Devore: "Exactly, and I think that just wasn't picked up. As you know, that can be very much a mic placement thing--the string sound is beaming straight out and the wood sound is going everywhere. And the dynamics, I think the expressive dynamics are what you are talking about, and then there is also the dynamics of the sound, of you hitting it, and I think that was in the sound that was recorded and coming off the instrument. But I felt like the recording didn't diminish as much as when you were playing. You could back off of the tone, and show us what you mean, and with the recording I found it didn't really back away as much, it stayed up a little bit more dynamically. Very interesting though--cool!"

DeVore Fidelity Music Equipment List:
DeVore Fidelity Orangutan O/96 speakers (what Jake heard) $12,000/pr
DeVore Fidelity gibbon X speakers $15,800/pr
DeVore Fidelity Orangutan O/93 speakers $8,400/pr
EMT JSD-S75 Moving Coil Cartridge pre-mounted in EMT J-Shell $5,400
EMT 997 Tonearm $5,495
EMT TSD-75 Moving Coil Cartridge $2,100
Brinkmann 10.5 Tonearm $5,490
Brinkmann Spyder Turntable with 2 Arm Pods $14,400
Sugden Masterclass PA-4 Phono Preamplifier $2,500
TotalDac D1 Tube Mk II DAC $11,000
Sugden Masterclass LA-4 Line Preamplifier $3,750
Sugden Sapphire FBA800 40/WPC Class A Amplifier $7,500
Box Furniture Co HD3W Walnut Double-Wide 3 Shelf Equipment Stand $5,500
Auditorium 23 RCA & XLR Interconnects 1.0 meter $795
Auditorium Speaker Cables 2.5 meters $980

More info on Jake @CES here. You can read all of the Jake @CES posts here.

COMMENTS
Anton's picture

This proves Jake has a good ear.

jimtavegia's picture

IMVHO (very humble) I think that the variables are any microphones, even the best take time to react to the sound being recorded. No matter how light the diaphragm there is a micro-second(s) of time lost to get the mass moving. In amplifiers it is slew rate...how fast can the amp react to the input. Is there overshoot? We've seen it in JA's measurements of amplifiers of the square waves. There is not a perfect microphone, mic preamp, amp, ADC and DAC and all that matters when compared to the "real, live performance". Those of us who love to record things now we have put a lot of stuff between "live and recorded". If you were there, there was nothing between you and Jake's playing.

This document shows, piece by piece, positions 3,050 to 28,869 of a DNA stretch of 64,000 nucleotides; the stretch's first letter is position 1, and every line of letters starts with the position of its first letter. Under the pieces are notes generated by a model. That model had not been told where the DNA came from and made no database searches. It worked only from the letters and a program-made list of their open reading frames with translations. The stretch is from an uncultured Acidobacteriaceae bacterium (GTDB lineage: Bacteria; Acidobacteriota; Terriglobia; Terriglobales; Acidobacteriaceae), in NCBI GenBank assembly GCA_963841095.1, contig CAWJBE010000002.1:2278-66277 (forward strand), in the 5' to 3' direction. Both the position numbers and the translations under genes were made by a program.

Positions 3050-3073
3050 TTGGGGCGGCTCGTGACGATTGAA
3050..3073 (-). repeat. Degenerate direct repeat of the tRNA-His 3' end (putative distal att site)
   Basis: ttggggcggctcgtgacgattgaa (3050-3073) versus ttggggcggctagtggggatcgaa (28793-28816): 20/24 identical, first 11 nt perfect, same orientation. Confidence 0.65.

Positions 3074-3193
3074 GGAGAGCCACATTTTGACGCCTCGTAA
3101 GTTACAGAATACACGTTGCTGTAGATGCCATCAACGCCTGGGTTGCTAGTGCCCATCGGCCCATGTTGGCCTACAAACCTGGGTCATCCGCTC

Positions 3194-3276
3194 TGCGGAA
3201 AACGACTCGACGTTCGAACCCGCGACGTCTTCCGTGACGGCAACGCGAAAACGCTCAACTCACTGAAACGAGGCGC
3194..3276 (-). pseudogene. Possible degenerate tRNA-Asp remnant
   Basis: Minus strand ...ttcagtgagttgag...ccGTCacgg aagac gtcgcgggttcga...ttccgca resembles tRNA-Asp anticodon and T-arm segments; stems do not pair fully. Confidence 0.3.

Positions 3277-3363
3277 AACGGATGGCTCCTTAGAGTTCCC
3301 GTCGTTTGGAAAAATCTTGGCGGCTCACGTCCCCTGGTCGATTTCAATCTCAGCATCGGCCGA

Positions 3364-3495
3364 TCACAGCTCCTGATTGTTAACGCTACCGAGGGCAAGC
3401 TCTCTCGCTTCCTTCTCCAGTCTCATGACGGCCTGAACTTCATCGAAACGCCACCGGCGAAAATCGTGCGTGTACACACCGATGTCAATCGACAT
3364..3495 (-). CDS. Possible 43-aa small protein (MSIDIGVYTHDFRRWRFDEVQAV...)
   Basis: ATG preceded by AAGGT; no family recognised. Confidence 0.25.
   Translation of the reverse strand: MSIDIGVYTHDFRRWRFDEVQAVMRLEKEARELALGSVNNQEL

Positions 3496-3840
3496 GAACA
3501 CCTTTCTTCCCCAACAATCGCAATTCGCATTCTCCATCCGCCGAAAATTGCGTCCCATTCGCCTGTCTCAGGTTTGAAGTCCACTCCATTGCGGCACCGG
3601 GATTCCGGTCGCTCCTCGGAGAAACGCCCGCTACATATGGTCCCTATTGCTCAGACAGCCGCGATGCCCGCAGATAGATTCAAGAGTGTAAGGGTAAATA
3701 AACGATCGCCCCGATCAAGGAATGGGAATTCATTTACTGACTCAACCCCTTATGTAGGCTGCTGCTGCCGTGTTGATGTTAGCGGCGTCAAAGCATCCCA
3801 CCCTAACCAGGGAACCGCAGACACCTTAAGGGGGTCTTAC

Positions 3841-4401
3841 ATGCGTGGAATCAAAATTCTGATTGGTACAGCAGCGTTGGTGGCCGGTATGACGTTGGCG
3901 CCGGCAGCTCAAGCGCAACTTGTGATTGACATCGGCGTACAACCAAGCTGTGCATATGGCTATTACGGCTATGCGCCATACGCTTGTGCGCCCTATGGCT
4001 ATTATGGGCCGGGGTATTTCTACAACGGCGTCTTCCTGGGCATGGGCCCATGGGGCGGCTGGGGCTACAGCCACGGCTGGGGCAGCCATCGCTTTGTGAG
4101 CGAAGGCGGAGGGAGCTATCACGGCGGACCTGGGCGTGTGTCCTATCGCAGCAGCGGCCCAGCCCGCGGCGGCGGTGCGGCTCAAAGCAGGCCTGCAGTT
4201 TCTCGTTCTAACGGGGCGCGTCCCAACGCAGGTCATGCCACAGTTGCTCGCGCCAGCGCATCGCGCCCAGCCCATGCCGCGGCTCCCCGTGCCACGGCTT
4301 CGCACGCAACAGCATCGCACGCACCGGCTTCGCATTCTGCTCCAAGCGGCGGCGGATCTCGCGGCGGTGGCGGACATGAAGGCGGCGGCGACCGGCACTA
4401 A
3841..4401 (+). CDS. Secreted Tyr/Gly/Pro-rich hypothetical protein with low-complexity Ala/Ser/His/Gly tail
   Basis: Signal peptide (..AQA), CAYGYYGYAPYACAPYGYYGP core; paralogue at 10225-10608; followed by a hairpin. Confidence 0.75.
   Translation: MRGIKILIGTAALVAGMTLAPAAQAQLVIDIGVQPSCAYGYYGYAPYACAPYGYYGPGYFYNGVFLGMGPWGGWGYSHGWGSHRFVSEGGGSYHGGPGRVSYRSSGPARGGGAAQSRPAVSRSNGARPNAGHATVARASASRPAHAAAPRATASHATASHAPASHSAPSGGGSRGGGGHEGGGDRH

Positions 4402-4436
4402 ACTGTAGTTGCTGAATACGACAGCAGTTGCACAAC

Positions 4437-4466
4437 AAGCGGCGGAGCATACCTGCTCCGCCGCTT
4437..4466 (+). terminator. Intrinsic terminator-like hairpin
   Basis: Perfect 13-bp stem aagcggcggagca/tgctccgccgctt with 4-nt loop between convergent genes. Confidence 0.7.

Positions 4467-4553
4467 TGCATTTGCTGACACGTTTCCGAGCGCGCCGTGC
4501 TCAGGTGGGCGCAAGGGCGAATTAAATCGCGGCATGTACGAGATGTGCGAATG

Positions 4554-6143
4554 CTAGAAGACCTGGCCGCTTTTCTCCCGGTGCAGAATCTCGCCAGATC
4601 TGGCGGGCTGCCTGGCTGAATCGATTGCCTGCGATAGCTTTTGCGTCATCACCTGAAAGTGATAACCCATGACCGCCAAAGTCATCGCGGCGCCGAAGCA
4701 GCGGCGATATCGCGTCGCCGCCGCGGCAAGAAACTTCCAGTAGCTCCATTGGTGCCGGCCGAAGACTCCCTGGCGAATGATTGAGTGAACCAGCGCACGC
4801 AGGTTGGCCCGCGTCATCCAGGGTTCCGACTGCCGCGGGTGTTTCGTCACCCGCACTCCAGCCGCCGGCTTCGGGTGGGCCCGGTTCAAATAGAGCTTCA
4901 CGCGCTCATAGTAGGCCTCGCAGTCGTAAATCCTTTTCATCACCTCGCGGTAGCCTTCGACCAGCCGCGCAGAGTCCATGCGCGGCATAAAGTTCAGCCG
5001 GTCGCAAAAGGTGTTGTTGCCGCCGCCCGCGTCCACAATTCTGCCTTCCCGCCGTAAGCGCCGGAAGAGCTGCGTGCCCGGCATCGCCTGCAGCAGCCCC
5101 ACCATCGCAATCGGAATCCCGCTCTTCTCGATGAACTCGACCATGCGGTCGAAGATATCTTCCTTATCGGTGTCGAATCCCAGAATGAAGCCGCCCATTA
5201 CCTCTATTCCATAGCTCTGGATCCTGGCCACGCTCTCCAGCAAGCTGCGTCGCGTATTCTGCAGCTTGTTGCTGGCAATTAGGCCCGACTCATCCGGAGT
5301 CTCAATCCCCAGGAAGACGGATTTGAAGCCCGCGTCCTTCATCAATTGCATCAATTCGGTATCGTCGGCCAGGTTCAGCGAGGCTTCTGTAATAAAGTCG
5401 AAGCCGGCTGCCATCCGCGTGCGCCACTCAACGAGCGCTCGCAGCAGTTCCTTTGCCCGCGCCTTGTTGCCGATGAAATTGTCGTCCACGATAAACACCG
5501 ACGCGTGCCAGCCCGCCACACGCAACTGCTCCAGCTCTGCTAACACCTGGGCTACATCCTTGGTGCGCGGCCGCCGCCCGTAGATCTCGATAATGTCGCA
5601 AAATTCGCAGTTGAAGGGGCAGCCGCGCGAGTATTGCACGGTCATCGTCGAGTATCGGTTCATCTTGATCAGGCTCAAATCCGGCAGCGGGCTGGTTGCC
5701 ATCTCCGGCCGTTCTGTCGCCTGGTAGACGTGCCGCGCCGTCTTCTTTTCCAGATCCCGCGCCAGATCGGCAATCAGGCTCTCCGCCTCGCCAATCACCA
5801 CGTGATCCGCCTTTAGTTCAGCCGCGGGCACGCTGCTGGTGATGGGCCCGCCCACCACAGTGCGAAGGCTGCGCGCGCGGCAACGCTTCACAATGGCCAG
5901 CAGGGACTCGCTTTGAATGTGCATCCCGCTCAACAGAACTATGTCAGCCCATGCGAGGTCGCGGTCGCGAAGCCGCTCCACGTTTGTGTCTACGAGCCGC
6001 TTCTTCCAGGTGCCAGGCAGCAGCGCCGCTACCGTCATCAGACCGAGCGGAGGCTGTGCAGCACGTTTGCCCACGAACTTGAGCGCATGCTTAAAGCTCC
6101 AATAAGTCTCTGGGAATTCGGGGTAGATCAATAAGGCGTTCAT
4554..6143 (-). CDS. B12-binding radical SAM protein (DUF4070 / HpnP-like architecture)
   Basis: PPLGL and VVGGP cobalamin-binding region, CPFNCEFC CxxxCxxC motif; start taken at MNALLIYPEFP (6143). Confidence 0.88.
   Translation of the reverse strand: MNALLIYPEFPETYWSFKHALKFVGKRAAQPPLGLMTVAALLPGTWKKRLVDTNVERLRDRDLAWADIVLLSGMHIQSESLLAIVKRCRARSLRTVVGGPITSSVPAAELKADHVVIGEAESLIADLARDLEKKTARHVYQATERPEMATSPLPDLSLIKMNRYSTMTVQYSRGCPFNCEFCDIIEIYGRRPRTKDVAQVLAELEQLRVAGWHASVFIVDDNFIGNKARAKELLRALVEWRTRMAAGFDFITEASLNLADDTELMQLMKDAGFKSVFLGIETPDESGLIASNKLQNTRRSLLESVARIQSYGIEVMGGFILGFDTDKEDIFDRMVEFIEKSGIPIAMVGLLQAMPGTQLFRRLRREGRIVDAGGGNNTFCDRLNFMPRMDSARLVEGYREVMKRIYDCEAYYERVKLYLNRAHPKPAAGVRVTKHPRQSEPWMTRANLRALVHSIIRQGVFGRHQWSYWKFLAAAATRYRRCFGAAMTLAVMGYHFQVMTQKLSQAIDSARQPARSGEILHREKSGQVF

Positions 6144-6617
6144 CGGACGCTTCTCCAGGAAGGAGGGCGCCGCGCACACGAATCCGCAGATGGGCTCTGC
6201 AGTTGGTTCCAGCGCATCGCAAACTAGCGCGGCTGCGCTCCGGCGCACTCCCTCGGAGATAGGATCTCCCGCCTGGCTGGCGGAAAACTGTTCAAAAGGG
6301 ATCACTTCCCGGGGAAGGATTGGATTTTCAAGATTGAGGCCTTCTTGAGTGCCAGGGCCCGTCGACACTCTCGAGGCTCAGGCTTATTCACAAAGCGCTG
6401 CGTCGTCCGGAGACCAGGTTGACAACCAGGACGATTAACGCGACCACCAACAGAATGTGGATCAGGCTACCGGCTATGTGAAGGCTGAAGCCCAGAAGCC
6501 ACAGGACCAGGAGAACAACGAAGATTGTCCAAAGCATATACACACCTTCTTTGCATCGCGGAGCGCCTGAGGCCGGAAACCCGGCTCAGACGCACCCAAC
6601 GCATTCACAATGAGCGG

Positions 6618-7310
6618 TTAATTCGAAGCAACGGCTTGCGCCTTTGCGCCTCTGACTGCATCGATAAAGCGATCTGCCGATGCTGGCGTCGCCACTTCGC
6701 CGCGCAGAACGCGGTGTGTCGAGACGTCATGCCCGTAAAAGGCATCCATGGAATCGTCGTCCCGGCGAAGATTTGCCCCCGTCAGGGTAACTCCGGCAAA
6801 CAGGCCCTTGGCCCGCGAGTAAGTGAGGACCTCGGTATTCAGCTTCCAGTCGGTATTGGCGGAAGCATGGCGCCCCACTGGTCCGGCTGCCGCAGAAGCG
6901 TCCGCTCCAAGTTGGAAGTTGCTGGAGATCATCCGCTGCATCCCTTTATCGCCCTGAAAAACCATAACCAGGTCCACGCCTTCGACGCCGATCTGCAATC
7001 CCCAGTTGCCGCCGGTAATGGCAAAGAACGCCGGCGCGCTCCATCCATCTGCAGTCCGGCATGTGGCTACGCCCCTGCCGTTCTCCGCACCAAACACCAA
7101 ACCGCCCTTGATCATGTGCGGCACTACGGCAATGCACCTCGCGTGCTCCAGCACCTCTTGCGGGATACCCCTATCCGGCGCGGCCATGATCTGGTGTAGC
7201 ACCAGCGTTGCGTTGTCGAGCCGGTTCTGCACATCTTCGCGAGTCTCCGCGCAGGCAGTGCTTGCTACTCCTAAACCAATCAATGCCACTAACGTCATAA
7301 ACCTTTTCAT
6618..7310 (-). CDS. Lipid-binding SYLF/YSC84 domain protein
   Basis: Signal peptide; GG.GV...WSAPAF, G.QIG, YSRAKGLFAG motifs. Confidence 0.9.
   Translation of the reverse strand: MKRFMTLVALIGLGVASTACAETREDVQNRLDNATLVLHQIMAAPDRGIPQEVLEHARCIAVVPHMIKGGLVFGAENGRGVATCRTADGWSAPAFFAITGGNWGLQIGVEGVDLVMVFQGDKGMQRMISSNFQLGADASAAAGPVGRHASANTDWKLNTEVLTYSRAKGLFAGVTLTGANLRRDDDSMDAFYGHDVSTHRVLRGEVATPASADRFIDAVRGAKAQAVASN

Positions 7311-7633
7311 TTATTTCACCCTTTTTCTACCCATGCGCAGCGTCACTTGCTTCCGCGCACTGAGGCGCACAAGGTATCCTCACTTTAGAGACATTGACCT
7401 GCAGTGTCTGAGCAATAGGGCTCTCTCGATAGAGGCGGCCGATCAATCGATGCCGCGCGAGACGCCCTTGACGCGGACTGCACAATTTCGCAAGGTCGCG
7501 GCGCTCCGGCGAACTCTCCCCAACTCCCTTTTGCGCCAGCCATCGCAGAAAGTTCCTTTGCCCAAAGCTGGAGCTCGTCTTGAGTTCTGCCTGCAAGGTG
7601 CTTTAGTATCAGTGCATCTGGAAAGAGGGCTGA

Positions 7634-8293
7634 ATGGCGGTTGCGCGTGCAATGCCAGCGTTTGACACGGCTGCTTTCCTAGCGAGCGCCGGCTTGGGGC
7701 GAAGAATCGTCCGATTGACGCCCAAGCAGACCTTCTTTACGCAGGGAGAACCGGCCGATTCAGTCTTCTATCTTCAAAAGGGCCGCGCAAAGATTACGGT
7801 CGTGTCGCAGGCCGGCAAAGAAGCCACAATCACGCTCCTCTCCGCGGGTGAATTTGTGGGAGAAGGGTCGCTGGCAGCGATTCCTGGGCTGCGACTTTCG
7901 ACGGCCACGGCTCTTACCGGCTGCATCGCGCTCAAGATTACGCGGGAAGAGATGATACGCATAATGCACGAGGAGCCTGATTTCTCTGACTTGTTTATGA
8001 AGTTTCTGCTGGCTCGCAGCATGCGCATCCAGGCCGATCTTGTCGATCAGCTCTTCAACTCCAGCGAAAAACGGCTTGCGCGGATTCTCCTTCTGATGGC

Mic placement is a big part of it and how many and where do we put them to get the sound that we want? I have found that I love on acoustic instruments, guitars, violins, cells, etc. a pair of mics spaced about a foot apart panned hard left and right in the stereo spread and then work to find the right distance from the performer they like. If I use my multi-track recorder on mix down I can then choose if I want to keep the max spread of the stereo mics or close them in to what the performer prefers. If I also add a spaced pair further back and high, I can then add as much of the "room" as they like.

The pair of close mics provide a larger sense of scale the more I stay hard left and right. With the right speakers you can make a guitar sound very large, that sense of scale we all seem to miss from live events compared to the recording.

One variable in all of this is the ambient noise of the room and I think that is often not taken into account enough, plus the inherent noise floor of the mics (My Rode NT-1As have only 5db of self noise, but they may not be everyone's cup of tea, and many are 15 to 20db.) and all the recording electronics adds up. The ambient noise in the room is a big deal. We worry about quiet electronics and that theoretic -96db noise floor of 16 bit and -144db for 24 bit, but the room makes all of that just a science project as I am thrilled if I can get close to -78db to -80db in a room. In this case the listeners probably were well aware of the background noise of the room.

I am sure all that had a chance to be there enjoyed that demo and Jake's great playing. I would also bet that 5 recording engineers would get 5 different sounding recordings of the same event. That will never change.

Anton's picture

Loved your comments!